In analyzing factors that drive access to WS&S, particularly water supply, it might be argued that water resources are a major constraint. While there is an obvious link between domestic water supply and water resources, evidence suggests that domestic water use represents a minor fraction of water withdrawals . Additionally, in a study of over 100 countries, when controlling for per-capita income, the proportion of urban households in countries classified as “water stressed” with improved water supplies was no less than the proportions seen in non “water stressed” countries .
Shared sanitation facilities
Much debate continues as to whether shared or public toilets can be considered improved sanitation. The WHO/UNICEF Joint Monitoring Programme, for the purposes of the MDGs, classifies any shared or public sanitation facility as unimproved, and therefore this study did the same. Due to an inability to measure actual use or the hygiene and safety of shared sanitation facilities, the JMP currently considers all these facilities unimproved, even though most shared facilities may use an improved technology . Studies have shown that the more users a facility has, the less hygienic it is likely to be, but also that toilet facilities shared by four or fewer households, can be considered “acceptable or improved” .
For this analysis, the use of shared facilities varied greatly between the study cities. In classifying every household that used shared facilities as having unimproved access, there were likely shared facilities that would meet improved hygienic and safety criteria, but were still classified as unimproved. The use of shared sanitation facilities is on the rise in developing countries, and while the JMP’s dichotomous classification of improved/unimproved eases measurement, it is currently and will only further become an incomplete measure.
Difficulties of measuring and defining access
Identification of who has access to improved WS&S is a complex process. In this estimation, many factors of access are not taken into account. This is particularly true for water supply for which measures of water quality, quantity, cost, seasonal changes in access are not taken into account by the DHS survey. Failure to account for these aspects likely overestimates access to what might be considered a sufficient water supply, particularly for urban residents.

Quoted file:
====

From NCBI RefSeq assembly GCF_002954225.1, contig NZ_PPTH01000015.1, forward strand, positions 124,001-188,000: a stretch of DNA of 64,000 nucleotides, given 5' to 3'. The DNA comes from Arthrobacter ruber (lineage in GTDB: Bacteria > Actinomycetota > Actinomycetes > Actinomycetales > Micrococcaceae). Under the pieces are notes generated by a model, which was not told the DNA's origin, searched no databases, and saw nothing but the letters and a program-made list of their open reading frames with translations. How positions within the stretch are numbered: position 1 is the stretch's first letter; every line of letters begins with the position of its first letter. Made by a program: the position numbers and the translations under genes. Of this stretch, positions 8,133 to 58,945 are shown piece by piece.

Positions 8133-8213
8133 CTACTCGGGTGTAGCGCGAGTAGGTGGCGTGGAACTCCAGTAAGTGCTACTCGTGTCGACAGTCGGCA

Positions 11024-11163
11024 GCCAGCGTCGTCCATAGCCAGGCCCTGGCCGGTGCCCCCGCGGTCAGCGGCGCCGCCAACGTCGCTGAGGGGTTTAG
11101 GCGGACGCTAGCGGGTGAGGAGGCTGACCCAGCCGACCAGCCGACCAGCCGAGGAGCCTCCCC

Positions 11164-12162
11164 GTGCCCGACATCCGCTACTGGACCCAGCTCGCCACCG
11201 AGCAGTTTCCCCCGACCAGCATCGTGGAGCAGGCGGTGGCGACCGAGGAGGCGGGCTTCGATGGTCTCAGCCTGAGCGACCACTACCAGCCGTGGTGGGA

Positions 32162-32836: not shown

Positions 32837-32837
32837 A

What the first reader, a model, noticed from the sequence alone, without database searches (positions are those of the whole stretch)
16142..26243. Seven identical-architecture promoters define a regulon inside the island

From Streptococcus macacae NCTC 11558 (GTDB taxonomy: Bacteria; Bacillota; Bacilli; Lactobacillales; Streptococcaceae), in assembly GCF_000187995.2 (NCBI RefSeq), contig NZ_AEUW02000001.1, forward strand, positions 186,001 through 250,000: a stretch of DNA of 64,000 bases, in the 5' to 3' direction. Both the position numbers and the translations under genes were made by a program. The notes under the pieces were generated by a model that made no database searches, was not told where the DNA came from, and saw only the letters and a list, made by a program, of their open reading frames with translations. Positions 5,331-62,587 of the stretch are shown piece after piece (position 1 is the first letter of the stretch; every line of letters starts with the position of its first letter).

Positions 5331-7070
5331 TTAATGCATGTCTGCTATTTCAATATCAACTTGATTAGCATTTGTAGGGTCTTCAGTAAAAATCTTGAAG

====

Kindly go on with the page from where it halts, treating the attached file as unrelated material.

Studies have shown that although many urban households may be classified as having ‘improved’ access to drinking water, the quality and quantity of this water remains poor or inadequate. In densely populated urban areas, a household may be close enough to use a standpipe as their source of water (a piece of hardware classified as ‘improved’), however, they may share that standpipe with dozens of other households, limiting the amount of water truly available to them .
The results of this study underscore the complexity of attempting to define access to both water supply and sanitation. The need to create dichotomous variables of improved and unimproved WS&S can be useful in creating development goals such as the MDGs, but in doing so, the subtleties of access are lost.
With the current MDGs set to expire in 2015, there is a need to incorporate the many aspects of WS&S access into the measures used in the post-2015 development agenda. For water supply these aspects include quality, quantity, cost, time spent collecting water, and seasonal fluctuations. For sanitation, along with identifying shared facilities that might be adequate, issues of cost, distance from the home, and seasonality need to be considered as well.
Strengths and Limitations
The primary limitations to this study were the lack of reliable city-level data and the use of independent variables, of varying quality, from different data sources than the dependent variables. Different data sets measure cities differently (e.g. differing geographic borders, etc.), which can limit the conclusions drawn from the findings.
Due to inadequate city-level data, this study explored how national level indices could affect access. Rather than omit important variables such as GDP, GDP growth rates and official development assistance, national level data were used as proxy measures for city-level economic conditions. This use of national-level data as proxies to estimate city-level data has been used in other studies dealing with the same dearth of city-level data .
For each city included in this study, only two surveys within the 12-year study period were used to assess progress in access to WS&S. If the surveys were conducted early in the decade, then the changes to access observed may not represent the city’s most recent progress. The difference in when the demographic and health surveys were conducted for each country, shown in Table S3, would likely affect the changes in access observed for that particular city.
Finally, while this study examined the largest cities of sub-Saharan Africa, these cities are not a complete representation of “urban sub-Saharan Africa”. In the entire continent of Africa (including Northern Africa), cities of more than one million people only accounted for 31.6% of Africa’s total urban population in 2010. Additionally, of the 63.8 million-person increase in the urban population of Africa between 2005-2010, only 27% of that was in cities of over one million .